Despite the studies, Llewellyn, like other experts, said she’s concerned virtual learning could come at the detriment of classroom instruction.
“My major concern is a push to virtual learning is actually going to take away the already stretched resources that already exist to make our public schools truly equitable and accessible,” she said. “There’s a lot that’s missing about the different supports that happen within a school environment. It’s not just about content delivery, there’s a lot of therapies provided in schools, there are a lot of food programs, mental health supports.”
A source of revenue?
Parker said she worries another consequence of online learning is the potential for Ontario to divert funds from the public education system to a more private approach.
For example, according to the Globe and Mail, the province is considering whether the online courses would be operated by TVO (Ontario’s publicly funded educational television network) and TFO for French-language students.
The report further stated that TVO and TFO would put forward “a global development strategy” to market online courses and generate revenue, by enrolling out-of-province students in online courses.
“It does raise questions about whether or not this is an attempt to divert funds from public education, because the document outlines how students that attend school must pay a fee established by TVO, which is a way of diverting funds,” she said.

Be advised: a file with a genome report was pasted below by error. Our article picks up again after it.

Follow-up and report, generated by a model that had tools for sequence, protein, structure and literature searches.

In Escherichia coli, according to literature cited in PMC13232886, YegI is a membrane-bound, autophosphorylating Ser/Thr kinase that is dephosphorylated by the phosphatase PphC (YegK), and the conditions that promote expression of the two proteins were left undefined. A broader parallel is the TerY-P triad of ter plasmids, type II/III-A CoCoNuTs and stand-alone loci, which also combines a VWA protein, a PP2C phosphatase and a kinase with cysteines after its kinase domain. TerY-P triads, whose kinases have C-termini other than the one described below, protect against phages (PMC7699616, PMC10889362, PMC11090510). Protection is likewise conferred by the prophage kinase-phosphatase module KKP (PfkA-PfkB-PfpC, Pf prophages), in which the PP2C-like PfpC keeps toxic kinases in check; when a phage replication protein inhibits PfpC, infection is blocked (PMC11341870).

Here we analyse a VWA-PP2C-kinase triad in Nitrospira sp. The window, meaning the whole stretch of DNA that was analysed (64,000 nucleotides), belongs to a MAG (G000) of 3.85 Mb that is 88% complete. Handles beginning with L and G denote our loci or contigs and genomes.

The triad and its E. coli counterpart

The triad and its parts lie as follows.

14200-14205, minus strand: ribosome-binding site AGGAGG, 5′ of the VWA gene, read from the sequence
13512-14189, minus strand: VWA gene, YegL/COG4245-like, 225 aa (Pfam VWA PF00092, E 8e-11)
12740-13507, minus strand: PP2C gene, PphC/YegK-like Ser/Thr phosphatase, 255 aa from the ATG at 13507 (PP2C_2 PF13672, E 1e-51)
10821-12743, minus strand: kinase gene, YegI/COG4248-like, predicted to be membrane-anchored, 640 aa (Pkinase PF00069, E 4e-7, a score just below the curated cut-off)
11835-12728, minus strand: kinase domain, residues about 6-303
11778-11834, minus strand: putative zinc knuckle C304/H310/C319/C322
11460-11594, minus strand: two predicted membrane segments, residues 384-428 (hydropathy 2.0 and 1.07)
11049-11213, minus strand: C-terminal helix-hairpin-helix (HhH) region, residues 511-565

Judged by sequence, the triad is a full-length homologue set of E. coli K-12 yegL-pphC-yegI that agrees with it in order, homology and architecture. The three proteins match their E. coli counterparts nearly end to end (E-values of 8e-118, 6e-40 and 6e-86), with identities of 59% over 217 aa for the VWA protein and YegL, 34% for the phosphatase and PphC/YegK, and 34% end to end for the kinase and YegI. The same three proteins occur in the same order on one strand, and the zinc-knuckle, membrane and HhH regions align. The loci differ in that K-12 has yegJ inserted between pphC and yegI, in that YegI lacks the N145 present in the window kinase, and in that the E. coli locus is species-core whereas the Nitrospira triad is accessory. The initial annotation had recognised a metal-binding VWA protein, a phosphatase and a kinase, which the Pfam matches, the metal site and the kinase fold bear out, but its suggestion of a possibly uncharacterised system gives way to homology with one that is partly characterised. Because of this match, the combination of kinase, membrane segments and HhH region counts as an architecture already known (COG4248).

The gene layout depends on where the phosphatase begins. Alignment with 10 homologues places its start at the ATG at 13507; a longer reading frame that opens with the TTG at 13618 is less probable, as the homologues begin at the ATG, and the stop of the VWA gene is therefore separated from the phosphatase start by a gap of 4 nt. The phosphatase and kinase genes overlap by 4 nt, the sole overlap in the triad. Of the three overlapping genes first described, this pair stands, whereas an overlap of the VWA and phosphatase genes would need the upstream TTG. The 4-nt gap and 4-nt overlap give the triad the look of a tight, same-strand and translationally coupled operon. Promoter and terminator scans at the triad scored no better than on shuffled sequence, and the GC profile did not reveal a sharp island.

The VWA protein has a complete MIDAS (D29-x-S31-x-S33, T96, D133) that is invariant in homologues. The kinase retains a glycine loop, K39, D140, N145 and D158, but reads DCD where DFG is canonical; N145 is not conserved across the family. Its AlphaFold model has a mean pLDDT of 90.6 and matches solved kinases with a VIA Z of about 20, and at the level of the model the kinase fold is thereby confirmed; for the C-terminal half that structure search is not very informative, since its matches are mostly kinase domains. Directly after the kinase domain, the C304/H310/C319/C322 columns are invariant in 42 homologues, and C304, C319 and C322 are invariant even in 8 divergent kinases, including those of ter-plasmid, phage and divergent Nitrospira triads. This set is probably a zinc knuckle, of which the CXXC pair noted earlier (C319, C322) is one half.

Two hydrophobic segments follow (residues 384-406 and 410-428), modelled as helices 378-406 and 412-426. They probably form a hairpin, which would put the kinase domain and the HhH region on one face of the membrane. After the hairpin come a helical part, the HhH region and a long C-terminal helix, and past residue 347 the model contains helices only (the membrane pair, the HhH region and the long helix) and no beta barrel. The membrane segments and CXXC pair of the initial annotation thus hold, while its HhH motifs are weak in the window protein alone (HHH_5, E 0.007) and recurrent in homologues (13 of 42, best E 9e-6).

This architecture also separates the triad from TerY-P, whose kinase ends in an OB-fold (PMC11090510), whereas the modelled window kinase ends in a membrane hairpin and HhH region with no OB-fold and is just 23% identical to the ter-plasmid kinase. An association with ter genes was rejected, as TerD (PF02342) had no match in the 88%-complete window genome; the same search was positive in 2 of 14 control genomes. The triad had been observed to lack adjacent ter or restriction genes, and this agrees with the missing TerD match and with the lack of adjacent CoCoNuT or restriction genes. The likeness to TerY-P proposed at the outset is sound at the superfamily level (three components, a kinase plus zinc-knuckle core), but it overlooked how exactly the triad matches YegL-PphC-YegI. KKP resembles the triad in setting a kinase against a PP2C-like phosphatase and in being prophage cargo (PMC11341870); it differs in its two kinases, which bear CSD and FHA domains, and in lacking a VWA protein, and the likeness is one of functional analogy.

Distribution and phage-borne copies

“We have to think about why are we trying to create a revenue stream to public education? Do we want to do that with our children’s learning?”
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More time is needed
Parker and Brown said that the province seems to be rushing into making this a permanent fixture in the education system and argue that more studies and data need to be reviewed before it becomes legislation.
Brown said the ETFO was never consulted on this proposal and believes not enough “time or research” has been invested in the process to make an informed decision.
And Parker said she is still awaiting answers from the government.
“Whenever we are seeking to change policy in public education, there needs to research. There needs to be data that supports the benefits. And also there need to be investigations before introducing a policy like this as to what the potential harms might be, especially those that we might have difficulty anticipating,” she said.
— With files from Global News’ Kendra Slugoski and Jessica Patton